- Marty Reynolds, Tyrone’s instructor at University of Arkansas at Monticello
- J. Daniel Smith – Tyrone’s former worship pastor and now Senior Pastor at Bethesda Assembly of God
- Dr. Joel T. Griffin – close friend and fellow musician
- Dr. Linda Robbins, former Music Department Chair at Southwestern Assemblies of God University
- Dr. Del Guynes, close friend, fellow musician, and former Dean of the College of Music and Communication Arts at Southwestern Assemblies of God University
- Tony Baker – Professor of Trombone at the University of North Texas
- Dr. Vern Kagarice – Professor of Trombone at the University of North Texas
Dr. Block mentioned that he could go on for hours listing the individuals that have personally impacted him, but he wanted to make sure that his wife, Dr. Melody Block, received the credit that she is due.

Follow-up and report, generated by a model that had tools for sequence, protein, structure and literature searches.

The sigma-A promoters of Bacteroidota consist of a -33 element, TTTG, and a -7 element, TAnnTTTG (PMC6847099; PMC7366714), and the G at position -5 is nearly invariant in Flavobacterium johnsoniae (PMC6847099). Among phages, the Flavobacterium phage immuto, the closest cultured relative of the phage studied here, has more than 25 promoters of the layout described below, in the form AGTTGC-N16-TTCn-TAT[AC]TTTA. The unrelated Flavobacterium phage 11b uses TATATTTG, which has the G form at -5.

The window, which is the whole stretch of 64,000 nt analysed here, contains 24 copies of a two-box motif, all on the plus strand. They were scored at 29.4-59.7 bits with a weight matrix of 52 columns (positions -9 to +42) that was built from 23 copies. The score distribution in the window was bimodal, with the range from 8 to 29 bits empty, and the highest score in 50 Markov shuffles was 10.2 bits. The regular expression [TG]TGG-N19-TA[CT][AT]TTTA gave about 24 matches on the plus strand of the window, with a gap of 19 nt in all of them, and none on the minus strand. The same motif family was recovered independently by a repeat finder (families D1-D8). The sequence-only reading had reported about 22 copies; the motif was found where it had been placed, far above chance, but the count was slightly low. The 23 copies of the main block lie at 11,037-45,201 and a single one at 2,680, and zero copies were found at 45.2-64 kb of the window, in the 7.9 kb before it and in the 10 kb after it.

“That woman is amazing,” he said firmly. “She’s stuck it out and has been there for me. I wouldn’t be here without her.”
“Without faith, this doesn’t happen. It just doesn’t. I was a country boy from Dumas, Arkansas – a town of 5,000 people. My parents were poor. We didn’t have a lot. My mom and dad got a trombone for me, and they could barely make payments on it. But, my parents had a dream that their children would be something. And southern Arkansas at the time I was growing up… – it was just a very racist time. And if you’re black coming from there, there is a degree of ‘you’re not worthy of your success. Your lot will be this.’ But, not my parents. They said, ‘not my children.'”